legislature

Protestants Join Catholics in Reconsidering the Death Penalty

Photo via Bhakpong / Shutterstock / RNS

Close up of a drip bag. Photo via Bhakpong / Shutterstock / RNS

Three times in the past month, the Nebraska Legislature voted for a bill to repeal capital punishment and replace it with life without parole. The governor has promised to veto the legislation, and an override vote is looming. Many of the Christian lawmakers made it clear they cast their votes against the death penalty, in part, to promote a whole life ethic.

The leader of the group is Sen. Colby Coash of Lincoln, a Catholic who put his personal reasons for opposing capital punishment into one easily understood phrase.

“I am pro-life,” he said.

Better Together

LIKE THE 2013 Moral Monday protests—which over the course of last spring and summer saw more than 900 people arrested for peaceful civil disobedience, February’s Moral March was notable for the diversity of races, ages, causes, and faiths represented. This is the fruit of long-term coalition-building among progressive groups and individual activists sparked by Rev. William Barber in late 2006 that resulted in the formation of the Historic Thousands on Jones St. People’s Assembly Coalition. This coalition, under the banner of the “Forward Together Moral Movement,” worked out of these established relationships, including significant church involvement, to organize the 13 Raleigh Moral Mondays and more than 25 local Moral Mondays statewide last year. The model seems to be spreading, with groups in Tennessee, Georgia, and South Carolina staging similar protests.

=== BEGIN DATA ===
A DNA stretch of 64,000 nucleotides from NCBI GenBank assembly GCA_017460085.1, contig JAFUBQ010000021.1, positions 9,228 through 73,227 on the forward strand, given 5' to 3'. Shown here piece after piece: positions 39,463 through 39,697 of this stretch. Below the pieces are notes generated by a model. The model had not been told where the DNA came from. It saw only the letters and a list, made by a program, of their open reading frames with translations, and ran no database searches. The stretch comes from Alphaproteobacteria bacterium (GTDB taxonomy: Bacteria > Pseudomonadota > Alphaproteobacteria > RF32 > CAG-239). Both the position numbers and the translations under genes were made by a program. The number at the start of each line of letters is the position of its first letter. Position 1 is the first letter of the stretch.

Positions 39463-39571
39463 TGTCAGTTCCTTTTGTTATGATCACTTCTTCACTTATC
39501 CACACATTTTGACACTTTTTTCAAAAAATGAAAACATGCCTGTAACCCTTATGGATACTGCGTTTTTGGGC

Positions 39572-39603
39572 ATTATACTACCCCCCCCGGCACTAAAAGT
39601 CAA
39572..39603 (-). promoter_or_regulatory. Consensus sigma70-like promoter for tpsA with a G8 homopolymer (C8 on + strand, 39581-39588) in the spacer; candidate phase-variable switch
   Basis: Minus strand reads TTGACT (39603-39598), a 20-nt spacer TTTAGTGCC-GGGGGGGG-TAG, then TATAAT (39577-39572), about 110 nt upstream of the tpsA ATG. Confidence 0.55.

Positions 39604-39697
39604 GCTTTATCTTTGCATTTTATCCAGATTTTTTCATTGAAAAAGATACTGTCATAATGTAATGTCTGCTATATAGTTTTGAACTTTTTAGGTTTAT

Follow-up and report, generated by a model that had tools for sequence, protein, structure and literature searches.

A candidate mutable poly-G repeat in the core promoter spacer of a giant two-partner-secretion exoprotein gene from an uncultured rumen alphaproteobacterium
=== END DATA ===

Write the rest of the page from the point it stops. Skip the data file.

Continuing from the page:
This movement has its work cut out for it—the voter suppression package that the North Carolina legislature passed last year is considered to be one of the harshest in the country. (The U.S. Justice Department has sued the state over the new law.) Lawmakers also cut the earned-income tax credit for 900,000 North Carolinians, cut tax rates for top earners while raising taxes on the bottom 95 percent, rejected Medicaid expansion, cut pre-K for 30,000 kids, have undermined environmental protection enforcement, and made it harder to challenge death sentences even if racial bias in a trial could be proved.

But the Moral movement is gearing up for 2014 and beyond—hoping to place young organizers in counties across North Carolina to engage in voter mobilization and education as part of “Freedom Summer 2014,” challenging the voting restrictions in court, and planning more opportunities for peaceful resistance. —The Editors

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What We Need Right Now

Praying statue, antoniomas / Shutterstock.com

Praying statue, antoniomas / Shutterstock.com

Any right-thinking stranger on our shores must read our daily news and think our nation has gone mad. We have cultivated the ability to end lives quickly; and yet we are continually surprised when our fellow citizens use the tools we have devised for exactly the purpose for which we invented them. Come to think of it, I think we’ve gone mad, too.

But our madness is not one that can be cured by laws alone. Laws can help to restrain us, and can help by making it a little less easy for us to find ourselves armed for murder. But we need something more, something that churches are better equipped to offer than legislatures are.

What we need right now is a richer moral imagination. We need better stories to tell ourselves, stories about the kind of people we could be. We need, more than anything, to learn to help one another to do the hard work of choosing not to pull the trigger.

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